Few, but ripe. (Carl Friedrich Gauss)

It is always tempting to submit a paper to a prestigious journal, but if the paper makes only a borderline case for publication in this journal, then the net result may be a lengthy process, critical reviews holding the paper to a very high standard, and ultimate rejection of the paper.

For instance, with JAMS, a paper really has to do something that makes referees excited and enthusiastic; a paper which is merely a good, solid application of mostly standard techniques to solve a moderately interesting problem will unfortunately have a rather low probability of being accepted into JAMS, even if it would have been readily published elsewhere. (Conversely, if the result is making people excited and enthusiastic, I do hope that you consider JAMS for your paper. :-) )

Similarly, a journal devoted to research mathematics is unlikely to accept any paper whose primary focus lies in recreational mathematics, physics, philosophy, biology, computer science, or anything else outside the scope of research mathematics.

It is also a good idea to check that the editorial board of the journal you are submitting to contains at least one member who is expert enough in the fields that your paper is in that he or she can judge its quality appropriately and send it to a good referee.  (But be cautioned that if a paper is too close to an editor’s interests – for instance, being heavily based on a paper of the editor – this may make it difficult for the editor to be objective and create some awkward conflict of interest.)   Viewing a sample issue of that journal may also give you a sense as to whether it is a suitable venue for your article.  You can also look at journals which have accepted papers similar to yours in the past, but of course there is no guarantee that they will do the same for your paper; indeed, if your paper is closely modeled on an existing paper in a journal, they may feel that the amount of new material in your submission may not be sufficient to warrant placing it on the same level as the earlier paper.

Generally speaking, it is not recommended to simultaneously submit two unrelated papers to the same journal; there is a possibility that they may somehow get confused with each other (for instance, a report for one paper may accidentally be applied to the other), and editors may not wish to give the impression of overly favouring one particular author in the journal.  Also, if it ends up that the referee reports for one paper are more favorable than for the other (or if a referee makes a direct comparison between the two), it becomes quite likely that the paper with the less favorable reviews will be rejected.  For two closely related papers, I would only recommend submitting to the same journal if it would make sense to have a single referee for both papers (but this can be quite a big request for a referee to accept).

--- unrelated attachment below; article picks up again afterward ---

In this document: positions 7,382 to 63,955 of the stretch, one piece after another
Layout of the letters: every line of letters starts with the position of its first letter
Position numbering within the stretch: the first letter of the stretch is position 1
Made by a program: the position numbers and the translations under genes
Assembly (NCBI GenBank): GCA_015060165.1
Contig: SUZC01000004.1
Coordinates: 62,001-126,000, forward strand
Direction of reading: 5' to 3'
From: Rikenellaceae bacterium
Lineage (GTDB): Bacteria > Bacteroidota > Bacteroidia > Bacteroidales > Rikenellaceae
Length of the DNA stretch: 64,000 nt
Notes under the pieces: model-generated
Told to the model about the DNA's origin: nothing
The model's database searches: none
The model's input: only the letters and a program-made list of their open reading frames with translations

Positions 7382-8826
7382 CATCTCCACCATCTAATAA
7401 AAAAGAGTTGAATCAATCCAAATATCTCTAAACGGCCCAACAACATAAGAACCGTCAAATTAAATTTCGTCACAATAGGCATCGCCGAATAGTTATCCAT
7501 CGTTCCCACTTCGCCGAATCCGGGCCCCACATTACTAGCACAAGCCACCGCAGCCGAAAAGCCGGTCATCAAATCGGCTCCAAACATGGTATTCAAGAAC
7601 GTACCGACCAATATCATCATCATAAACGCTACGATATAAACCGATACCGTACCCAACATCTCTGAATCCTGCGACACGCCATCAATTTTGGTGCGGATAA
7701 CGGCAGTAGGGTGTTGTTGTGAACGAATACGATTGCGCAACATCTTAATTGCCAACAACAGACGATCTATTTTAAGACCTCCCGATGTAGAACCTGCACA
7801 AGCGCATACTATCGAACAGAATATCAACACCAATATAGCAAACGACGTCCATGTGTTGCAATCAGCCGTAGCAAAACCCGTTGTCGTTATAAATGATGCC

If one is unsure what level of journal would be appropriate for your submission, consider scoring your paper as honestly as you can according to the following rubrics:possible):

  1. Correctness.  Is the paper correct?
    1. Is the paper written so that it is easy to check that the arguments are correct?
      1. Are sufficient details given to check the arguments?
      2. Are all results and definitions specified accurately?
      3. Does the paper avoid relying on results that are not easily accessible in the literature, or for which the correctness is uncertain (e.g., unpublished preprints)?
      4. Does the paper have a modular structure that makes it easier to detect and correct errors, for instance by creating key lemmas, or by providing (either in full or partial detail) alternative arguments for some key steps?
    2. Are prior results in the literature cited accurately?
    3. Does the notation in the paper follow, or at least consistent with, those in prior literature, in order to avoid confusion?  If not, is a justification of the change in notation given explicitly?
    4. Does the paper perform various “sanity checks“, for instance by providing near-counterexamples to show that the results are sharp?  Does the writing and structure of the paper demonstrate awareness of common pitfalls in the field (for instance by devoting particular detail to the subtle steps in the argument, and less detail to the routine steps).